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  #31 (permalink)  
Old Tue May 15, 2018, 09:30am
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Quote:
Originally Posted by Rich View Post
I can't imagine a huge headline just to close a weird interpretation, to be honest with you.
Yes, they could have fixed that interpretation by an Editorial Change.

This clearly to me is about what the NCAA Rule was last year and the NF changing to that part of the rule.

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  #32 (permalink)  
Old Tue May 15, 2018, 10:07am
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Quote:
Originally Posted by bob jenkins View Post
I disagree with that. I am against the shot clock (in HS) for practical reasons, AND I also think the HS game is better without it.
Agreed.

People will say "it will stop teams from playing stall ball." How many high school teams across the country actually play this way? Just because you read one or two stories about teams holding the ball for an entire quarter doesn't mean it's the norm.

Furthermore, I would bet that most possessions in high school games (at least where I am) don't last more than 30 seconds before a try hits the rim.

Quote:
Originally Posted by Rich View Post
I agree. I think the whole "good of the game" argument is just a bunch of crap.

0% of NFHS decision-making should be tied to "preparing players to play at the next level."
It's similar to when people talk about doing things "for the kids." Balderdash. People that want the shot clock in high school want it because that's what the higher levels do.

The skill levels that NFHS rules are written for are encompass a much wider spectrum than higher-level rules.

Quote:
Originally Posted by JRutledge View Post
Yes, they could have fixed that interpretation by an Editorial Change.

This clearly to me is about what the NCAA Rule was last year and the NF changing to that part of the rule.
Agreed. FED seems to adopt an NCAA rule or two every offseason, so this change would be consistent with that trend.
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  #33 (permalink)  
Old Tue May 15, 2018, 10:19am
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Quote:
Originally Posted by BillyMac View Post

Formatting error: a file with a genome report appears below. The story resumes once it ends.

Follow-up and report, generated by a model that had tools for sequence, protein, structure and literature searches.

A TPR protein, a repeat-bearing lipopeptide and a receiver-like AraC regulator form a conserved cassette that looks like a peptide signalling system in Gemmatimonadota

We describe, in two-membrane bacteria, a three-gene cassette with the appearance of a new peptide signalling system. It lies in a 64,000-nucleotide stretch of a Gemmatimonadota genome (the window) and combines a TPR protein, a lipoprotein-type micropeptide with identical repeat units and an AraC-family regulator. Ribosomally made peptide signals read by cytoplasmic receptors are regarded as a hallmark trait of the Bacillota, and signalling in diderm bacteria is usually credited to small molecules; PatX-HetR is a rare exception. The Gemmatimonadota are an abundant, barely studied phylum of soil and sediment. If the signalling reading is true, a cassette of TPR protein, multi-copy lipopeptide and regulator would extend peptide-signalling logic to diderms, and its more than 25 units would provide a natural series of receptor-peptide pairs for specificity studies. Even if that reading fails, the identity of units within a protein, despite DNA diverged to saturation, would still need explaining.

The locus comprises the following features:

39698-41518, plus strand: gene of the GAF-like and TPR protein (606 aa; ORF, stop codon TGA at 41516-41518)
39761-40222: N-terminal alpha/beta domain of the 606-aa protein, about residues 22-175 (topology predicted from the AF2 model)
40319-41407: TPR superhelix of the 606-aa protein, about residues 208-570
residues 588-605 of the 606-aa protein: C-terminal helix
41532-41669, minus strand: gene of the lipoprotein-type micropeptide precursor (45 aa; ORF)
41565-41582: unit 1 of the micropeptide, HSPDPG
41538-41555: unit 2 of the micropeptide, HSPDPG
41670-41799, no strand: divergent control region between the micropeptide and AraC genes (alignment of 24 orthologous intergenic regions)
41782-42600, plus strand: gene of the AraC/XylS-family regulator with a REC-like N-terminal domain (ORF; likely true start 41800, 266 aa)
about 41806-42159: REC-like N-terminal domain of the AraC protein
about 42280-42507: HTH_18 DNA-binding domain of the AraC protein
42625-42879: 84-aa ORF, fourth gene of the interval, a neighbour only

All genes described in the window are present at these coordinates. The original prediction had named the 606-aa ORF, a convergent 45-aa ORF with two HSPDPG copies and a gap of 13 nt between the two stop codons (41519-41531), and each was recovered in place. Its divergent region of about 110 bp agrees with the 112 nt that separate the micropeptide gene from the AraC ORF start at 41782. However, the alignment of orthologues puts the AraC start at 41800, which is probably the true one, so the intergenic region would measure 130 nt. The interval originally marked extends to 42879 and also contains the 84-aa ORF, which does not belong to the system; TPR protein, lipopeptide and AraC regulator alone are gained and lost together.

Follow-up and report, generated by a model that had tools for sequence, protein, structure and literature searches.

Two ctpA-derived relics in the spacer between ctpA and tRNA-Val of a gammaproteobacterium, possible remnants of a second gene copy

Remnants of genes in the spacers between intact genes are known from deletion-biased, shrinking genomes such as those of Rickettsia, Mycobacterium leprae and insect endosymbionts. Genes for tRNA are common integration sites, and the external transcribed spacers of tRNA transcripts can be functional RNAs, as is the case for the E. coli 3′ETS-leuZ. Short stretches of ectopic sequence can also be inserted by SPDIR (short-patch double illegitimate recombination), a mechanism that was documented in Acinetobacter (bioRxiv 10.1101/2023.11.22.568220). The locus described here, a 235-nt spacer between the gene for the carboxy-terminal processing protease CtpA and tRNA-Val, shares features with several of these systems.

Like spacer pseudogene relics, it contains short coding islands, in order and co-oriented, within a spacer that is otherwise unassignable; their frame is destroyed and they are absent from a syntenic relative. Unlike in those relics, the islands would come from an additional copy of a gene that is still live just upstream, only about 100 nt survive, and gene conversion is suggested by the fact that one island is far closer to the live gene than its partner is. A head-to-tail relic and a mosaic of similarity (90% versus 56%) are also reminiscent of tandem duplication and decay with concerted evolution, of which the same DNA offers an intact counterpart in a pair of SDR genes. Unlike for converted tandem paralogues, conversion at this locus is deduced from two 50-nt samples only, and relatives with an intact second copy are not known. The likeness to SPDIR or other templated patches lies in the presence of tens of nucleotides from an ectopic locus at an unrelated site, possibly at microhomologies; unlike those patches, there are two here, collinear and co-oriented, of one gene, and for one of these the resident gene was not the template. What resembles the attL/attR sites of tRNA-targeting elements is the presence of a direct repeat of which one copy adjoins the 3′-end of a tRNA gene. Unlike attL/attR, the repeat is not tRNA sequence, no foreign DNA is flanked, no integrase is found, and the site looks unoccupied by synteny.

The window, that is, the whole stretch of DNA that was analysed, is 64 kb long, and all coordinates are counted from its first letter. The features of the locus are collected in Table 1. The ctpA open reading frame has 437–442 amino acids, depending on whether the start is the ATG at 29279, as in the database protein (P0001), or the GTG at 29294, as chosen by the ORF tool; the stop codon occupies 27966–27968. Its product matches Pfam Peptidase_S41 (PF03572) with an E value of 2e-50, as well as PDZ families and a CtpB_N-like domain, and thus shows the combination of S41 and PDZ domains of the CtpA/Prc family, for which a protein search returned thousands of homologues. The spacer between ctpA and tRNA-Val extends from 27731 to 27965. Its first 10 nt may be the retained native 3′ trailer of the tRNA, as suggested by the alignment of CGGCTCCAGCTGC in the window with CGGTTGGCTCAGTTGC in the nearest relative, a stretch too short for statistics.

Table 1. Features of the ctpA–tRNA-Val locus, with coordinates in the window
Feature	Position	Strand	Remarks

An exception was approved to note that any player who was located in the backcourt may recover a ball that is deflected from the frontcourt by the defense.

Is this (below) what the NFHS is trying to clarify?

Basketball Rules Interpretations - 2017-18
SITUATION 7: A1, in the teams frontcourt, passes towards A2, also in the teams frontcourt. B1 deflects the ball toward Team As backcourt. The ball bounces only in Team As frontcourt before crossing the division line. While the ball is still in the air over Team As backcourt, but never having touched in Team As backcourt, A2 gains possession of the ball while standing in Team As backcourt. RULING: Backcourt violation on Team A. Team A was still in team control and caused the ball to have backcourt status. Had A2 permitted the ball to bounce in the backcourt after having been deflected by B1, there would have been no backcourt violation. (4-4-1, 4-4-3, 9-9-1)
I hope this is what the rule change is trying to fix.

If they are trying to make it so that a ball deflected by D1 that bounces off of A1 in the front court can still be recovered by A1 in the backcourt -- that seems unnecessary. I like rewarding the defense for making a good play.
And with the current rule you don't have to interpret how/why the ball got to the backcourt -- just who touched it in the FC last.
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  #34 (permalink)  
Old Tue May 15, 2018, 10:42am
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Quote:
Originally Posted by HokiePaul View Post
....
And with the current rule you don't have to interpret how/why the ball got to the backcourt -- just who touched it in the FC last.

Isn't the italicized statement exactly what you're trying to avoid in the bolded statement?

Under the current NFHS rule, you most definitely have to interpret how/why the ball got in the backcourt. With the NCAA rule, once the defense deflects the ball, you no longer have to worry about BC scenarios.
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  #35 (permalink)  
Old Tue May 15, 2018, 10:56am
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Quote:
Originally Posted by HokiePaul View Post
I hope this is what the rule change is trying to fix.

If they are trying to make it so that a ball deflected by D1 that bounces off of A1 in the front court can still be recovered by A1 in the backcourt -- that seems unnecessary. I like rewarding the defense for making a good play.
And with the current rule you don't have to interpret how/why the ball got to the backcourt -- just who touched it in the FC last.
Basically, the rule change seems to solve the issue of what they feel the rule should have been or what may coaches and players thought the rule was in the first place. So it does not appear to matter anymore who touched the ball if the defense caused the deflection. I am not a total fan of the newer rule either, but that conversation can be over if this is the rule. Almost every situation there would be an argument over who tipped the ball.

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  #36 (permalink)